Monday, May 27, 2013

Melancholy Memorial Day

I've been away from the blog for a few weeks, unable to put two thoughts together through the haze of what I thought was allergies but what turned out to be a case of Sinusitis! I was just barely making it through my work days, coming home and sitting, exhausted and unable to breathe, in front of episodes of Law and Order and DVR'ed episodes of Gilmore Girls.
I finally went to the Doctor who, after figuring out that my left maxillary sinus was completely swollen shut, fixed me up with antibiotics and a steroid which began working instantly, restoring my air passages and delivering much needed oxygen to my brain!

In spite of feeling better health-wise, mentally I've been  melancholy this Memorial Day weekend, reflecting on those in my life who have passed and those who die every day bravely fighting for our country in wars all over our world.

My melancholy mood was acutely impacted on Thursday morning by the terrible news that my manager, a young, charismatic man with his whole life in front of him, passed away in a motorcycle accident on Wednesday. He turned 30 just a couple of weeks ago. Also, he was of Pakistani descent. A Muslim.
Which, of course, opened my philosophical flood gates deepening my reflections on life and death and pondering people and lines that divide.

I attended the visitation for him on Friday at a Muslim Prayer Center. It was a beautiful place where I saw deep spirituality and felt great respect for the culture and religion. Though different in appearance and practice than the religion I was raised to practice, the emotions transcended the boundaries of religious institution and cultural lines and settled in the common ground of being human. I saw tearful family members and friends gathered around his open casket. I heard his mother and sister sobbing and crying out his name. I remembered my own brother's funeral and felt so sad for this family.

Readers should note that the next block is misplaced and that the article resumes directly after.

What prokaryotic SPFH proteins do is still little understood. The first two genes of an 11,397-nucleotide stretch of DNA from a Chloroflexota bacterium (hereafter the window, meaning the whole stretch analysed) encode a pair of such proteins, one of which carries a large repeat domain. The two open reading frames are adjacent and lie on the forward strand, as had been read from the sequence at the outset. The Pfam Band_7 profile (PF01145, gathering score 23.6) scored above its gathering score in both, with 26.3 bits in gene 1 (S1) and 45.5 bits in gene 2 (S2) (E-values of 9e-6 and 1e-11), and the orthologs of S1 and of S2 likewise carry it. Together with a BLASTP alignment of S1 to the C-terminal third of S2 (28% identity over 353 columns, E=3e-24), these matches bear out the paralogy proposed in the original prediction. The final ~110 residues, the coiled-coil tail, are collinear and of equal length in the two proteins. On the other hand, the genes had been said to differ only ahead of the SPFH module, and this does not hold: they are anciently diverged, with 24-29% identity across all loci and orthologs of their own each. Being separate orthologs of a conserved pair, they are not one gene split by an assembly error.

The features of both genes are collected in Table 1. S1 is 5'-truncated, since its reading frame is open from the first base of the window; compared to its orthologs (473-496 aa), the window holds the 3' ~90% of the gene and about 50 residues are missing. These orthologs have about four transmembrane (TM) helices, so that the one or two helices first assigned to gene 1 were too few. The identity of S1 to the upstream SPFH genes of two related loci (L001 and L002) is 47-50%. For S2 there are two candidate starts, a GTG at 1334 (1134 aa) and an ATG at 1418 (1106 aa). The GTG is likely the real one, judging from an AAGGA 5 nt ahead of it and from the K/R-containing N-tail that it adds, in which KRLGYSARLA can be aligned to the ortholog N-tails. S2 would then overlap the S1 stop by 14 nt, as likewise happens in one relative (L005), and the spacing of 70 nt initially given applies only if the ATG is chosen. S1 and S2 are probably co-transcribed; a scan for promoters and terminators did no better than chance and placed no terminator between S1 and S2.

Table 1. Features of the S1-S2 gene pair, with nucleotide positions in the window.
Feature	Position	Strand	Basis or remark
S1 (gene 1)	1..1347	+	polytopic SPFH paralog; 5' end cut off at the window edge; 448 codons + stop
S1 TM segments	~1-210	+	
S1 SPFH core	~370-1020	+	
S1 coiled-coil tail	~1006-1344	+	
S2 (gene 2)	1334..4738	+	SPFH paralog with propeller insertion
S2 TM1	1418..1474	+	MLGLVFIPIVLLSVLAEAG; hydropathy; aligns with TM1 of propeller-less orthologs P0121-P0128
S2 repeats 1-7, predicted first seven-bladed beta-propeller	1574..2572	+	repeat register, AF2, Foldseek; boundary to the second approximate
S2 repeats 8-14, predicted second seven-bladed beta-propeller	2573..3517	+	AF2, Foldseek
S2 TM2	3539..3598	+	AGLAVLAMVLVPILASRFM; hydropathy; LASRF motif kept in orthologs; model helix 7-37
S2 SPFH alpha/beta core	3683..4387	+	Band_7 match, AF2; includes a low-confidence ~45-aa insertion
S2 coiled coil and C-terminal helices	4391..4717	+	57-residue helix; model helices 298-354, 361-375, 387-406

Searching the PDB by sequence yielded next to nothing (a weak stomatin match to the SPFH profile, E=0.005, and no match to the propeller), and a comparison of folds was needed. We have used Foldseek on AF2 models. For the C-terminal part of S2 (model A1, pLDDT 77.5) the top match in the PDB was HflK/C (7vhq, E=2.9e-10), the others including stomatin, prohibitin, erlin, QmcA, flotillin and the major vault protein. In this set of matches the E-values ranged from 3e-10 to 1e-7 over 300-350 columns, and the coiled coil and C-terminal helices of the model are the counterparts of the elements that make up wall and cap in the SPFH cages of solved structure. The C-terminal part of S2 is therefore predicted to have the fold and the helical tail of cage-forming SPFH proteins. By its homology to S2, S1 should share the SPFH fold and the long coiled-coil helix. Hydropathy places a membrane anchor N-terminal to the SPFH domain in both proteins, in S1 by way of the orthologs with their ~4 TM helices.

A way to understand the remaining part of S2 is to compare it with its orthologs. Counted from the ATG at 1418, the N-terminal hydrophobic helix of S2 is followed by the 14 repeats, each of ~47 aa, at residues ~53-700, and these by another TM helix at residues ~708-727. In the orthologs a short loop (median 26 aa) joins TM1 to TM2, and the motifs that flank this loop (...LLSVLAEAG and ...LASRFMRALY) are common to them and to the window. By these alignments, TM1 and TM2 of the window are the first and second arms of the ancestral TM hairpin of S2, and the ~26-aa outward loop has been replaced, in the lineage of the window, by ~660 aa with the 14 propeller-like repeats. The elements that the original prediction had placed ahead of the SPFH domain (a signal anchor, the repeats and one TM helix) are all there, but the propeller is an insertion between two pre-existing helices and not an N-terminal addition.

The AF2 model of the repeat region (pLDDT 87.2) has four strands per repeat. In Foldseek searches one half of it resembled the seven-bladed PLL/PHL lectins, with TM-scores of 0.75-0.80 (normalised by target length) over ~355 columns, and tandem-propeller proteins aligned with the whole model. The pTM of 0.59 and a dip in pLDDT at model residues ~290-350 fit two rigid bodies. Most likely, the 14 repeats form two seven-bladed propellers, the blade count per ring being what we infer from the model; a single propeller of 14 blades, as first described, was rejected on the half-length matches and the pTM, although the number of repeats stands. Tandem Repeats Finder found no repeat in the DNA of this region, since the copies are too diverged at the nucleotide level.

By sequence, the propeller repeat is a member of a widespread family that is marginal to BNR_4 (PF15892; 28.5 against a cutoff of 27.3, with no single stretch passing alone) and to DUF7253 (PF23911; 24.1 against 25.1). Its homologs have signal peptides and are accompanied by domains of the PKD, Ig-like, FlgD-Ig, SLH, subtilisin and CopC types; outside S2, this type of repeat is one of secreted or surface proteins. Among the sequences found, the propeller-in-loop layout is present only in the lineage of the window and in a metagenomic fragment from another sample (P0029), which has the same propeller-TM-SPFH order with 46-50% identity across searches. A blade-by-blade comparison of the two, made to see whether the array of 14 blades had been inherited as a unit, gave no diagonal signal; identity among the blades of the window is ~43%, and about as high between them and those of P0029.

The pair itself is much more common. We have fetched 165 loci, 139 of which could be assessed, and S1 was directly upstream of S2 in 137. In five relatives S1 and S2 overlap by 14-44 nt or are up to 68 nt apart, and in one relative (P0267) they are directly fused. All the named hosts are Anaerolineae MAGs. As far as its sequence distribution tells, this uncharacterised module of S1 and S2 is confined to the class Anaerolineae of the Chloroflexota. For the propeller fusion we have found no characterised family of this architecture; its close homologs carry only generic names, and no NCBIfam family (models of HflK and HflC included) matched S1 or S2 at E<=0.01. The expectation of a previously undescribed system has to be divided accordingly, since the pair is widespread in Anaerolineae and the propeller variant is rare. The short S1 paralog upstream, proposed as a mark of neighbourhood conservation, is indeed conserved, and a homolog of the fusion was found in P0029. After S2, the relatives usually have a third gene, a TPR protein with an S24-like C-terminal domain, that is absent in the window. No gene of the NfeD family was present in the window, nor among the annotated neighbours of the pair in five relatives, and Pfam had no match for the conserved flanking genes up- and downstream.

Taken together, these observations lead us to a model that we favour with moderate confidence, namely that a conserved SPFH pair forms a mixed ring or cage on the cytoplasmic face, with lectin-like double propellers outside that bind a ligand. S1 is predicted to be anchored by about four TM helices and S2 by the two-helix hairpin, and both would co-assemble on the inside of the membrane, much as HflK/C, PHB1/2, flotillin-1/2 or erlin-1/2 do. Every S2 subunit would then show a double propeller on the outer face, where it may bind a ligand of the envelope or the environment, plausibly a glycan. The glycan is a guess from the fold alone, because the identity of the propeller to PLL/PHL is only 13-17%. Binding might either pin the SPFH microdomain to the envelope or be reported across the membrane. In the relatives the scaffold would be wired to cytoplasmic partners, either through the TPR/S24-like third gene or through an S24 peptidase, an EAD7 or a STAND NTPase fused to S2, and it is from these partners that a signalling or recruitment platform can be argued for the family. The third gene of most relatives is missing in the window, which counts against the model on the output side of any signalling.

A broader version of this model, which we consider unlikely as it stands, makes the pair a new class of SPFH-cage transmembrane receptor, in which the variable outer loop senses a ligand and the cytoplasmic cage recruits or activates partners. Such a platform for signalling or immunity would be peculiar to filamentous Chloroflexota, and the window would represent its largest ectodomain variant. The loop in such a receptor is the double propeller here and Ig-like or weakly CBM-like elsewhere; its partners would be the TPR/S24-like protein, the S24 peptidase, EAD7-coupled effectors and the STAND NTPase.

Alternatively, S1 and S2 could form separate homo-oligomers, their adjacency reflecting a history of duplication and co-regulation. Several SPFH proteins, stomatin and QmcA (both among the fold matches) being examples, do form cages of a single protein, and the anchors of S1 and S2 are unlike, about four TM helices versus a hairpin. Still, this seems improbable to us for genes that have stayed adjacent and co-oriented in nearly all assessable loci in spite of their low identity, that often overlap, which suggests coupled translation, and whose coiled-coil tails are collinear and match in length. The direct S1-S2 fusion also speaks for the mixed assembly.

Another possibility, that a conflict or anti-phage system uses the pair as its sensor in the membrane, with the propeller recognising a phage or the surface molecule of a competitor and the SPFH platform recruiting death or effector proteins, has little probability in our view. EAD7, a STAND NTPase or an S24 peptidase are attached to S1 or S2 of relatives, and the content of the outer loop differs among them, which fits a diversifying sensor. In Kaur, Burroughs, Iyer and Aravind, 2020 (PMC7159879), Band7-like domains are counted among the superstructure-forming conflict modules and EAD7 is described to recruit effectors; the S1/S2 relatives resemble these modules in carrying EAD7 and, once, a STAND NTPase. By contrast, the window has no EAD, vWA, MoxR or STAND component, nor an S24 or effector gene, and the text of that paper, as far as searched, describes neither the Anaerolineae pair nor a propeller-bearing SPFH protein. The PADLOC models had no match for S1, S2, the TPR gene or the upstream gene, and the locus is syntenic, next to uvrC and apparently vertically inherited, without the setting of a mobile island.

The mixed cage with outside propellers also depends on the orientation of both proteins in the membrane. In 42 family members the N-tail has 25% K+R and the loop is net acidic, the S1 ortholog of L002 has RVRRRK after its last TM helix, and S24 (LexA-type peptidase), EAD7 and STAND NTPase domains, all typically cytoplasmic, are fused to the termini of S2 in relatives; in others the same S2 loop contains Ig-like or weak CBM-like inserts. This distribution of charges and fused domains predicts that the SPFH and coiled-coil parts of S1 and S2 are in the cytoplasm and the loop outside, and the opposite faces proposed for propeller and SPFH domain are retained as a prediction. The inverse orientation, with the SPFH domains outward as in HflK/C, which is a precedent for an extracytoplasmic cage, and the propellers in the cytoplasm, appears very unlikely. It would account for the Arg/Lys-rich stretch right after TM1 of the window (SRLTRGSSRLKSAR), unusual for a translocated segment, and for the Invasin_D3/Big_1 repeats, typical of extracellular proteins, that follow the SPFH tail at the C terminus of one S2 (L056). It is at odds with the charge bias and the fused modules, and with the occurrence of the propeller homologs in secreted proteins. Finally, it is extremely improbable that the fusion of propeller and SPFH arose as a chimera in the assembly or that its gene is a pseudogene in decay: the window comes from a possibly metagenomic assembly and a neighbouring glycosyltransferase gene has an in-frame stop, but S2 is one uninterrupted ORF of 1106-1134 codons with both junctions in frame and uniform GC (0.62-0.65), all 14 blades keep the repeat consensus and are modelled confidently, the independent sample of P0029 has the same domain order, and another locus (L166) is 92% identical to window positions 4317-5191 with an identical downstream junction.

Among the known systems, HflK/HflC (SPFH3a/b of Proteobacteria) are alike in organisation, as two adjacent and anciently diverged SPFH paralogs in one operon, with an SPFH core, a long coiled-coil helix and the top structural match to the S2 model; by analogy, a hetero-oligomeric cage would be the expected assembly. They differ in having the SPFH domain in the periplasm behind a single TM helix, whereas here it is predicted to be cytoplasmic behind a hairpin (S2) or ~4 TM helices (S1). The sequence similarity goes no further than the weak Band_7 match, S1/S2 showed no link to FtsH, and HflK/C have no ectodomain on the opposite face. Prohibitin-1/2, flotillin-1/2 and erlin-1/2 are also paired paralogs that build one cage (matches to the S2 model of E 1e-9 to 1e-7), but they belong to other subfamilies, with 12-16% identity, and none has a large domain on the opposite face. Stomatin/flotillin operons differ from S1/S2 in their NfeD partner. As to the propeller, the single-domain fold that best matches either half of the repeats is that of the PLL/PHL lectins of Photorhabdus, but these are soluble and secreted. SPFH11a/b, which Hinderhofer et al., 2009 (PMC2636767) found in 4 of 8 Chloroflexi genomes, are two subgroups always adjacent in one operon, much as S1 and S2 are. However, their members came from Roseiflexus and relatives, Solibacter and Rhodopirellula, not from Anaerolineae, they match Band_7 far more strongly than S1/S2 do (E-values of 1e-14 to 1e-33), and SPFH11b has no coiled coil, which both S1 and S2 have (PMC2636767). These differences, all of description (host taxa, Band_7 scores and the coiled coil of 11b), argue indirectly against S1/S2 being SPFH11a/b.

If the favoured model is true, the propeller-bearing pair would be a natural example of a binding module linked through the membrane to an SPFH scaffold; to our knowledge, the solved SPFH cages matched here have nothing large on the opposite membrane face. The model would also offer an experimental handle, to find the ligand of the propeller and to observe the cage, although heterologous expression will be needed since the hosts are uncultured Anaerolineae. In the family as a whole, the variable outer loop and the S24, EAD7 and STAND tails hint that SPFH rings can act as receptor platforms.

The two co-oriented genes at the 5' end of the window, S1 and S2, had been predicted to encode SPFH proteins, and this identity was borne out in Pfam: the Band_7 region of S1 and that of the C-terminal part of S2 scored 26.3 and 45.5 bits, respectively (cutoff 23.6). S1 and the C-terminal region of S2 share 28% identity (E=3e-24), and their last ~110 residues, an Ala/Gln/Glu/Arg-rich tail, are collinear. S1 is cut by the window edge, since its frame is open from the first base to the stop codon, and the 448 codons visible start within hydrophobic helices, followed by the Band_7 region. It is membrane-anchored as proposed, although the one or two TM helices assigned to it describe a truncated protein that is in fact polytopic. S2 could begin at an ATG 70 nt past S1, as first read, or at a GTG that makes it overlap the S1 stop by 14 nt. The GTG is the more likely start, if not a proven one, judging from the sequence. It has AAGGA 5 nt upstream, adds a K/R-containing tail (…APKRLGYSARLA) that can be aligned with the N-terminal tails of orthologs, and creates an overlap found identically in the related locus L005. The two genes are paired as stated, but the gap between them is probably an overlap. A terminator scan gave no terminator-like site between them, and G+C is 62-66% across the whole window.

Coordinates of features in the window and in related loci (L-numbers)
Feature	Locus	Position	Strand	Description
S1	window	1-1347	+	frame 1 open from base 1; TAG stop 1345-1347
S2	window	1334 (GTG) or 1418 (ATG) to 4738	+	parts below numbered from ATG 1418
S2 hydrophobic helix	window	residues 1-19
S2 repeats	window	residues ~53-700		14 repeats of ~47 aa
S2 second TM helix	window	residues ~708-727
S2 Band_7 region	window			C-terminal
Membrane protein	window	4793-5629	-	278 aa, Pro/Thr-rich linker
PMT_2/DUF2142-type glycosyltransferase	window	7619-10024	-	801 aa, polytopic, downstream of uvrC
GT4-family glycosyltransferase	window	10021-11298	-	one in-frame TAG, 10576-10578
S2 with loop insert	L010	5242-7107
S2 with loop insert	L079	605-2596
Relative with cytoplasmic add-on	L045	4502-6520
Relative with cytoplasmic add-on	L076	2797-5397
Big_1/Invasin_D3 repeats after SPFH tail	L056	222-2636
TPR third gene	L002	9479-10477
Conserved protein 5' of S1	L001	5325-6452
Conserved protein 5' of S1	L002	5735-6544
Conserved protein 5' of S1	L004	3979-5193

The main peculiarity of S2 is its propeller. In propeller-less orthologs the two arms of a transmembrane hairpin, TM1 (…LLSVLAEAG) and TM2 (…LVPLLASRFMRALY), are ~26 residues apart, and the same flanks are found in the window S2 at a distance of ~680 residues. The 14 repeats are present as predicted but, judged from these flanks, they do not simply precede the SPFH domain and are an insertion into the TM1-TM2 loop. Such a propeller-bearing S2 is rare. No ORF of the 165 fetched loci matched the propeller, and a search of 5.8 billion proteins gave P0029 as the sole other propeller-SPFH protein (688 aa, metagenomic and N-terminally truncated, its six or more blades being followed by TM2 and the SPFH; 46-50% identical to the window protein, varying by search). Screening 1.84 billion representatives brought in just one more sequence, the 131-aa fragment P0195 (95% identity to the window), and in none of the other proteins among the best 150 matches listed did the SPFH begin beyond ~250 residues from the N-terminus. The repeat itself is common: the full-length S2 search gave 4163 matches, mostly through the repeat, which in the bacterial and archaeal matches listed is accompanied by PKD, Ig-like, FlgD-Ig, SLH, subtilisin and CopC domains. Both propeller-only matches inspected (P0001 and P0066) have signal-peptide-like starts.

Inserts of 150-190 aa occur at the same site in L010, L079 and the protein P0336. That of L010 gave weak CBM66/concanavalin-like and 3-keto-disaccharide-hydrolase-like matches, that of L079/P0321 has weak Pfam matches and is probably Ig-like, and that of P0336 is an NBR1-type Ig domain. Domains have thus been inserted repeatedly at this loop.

I know it's complicated, but in spite of who we are or what our cultural background is, the pain and our expression of pain and loss is universal. We were all invited to view him and pay our respects and say our prayers. That we could all join there in spite of our diversity shows that walls of fear and stereotype are non-existent when something as serious as someone's young life is tragically ripped away. When suddenly we realize all we've taken for granted and that what we had is now lost.

At the risk of sounding ignorant in my idealism, in times like this, it just seems like it should be a simple thing to recognize that our prejudices are unfounded fears and try to open ourselves up to one another a little bit. To see, instead of differences, the common ground. To be fascinated by one another and feel safe running with open arms towards each other to learn about and revel in the wonder of something new and unfamiliar.

In progress:

Look Beyond
Unfinished Acrylic on Canvas
Michelle O'Connor


  1. Love this post <3 And your idealism! :-) We need more of it.


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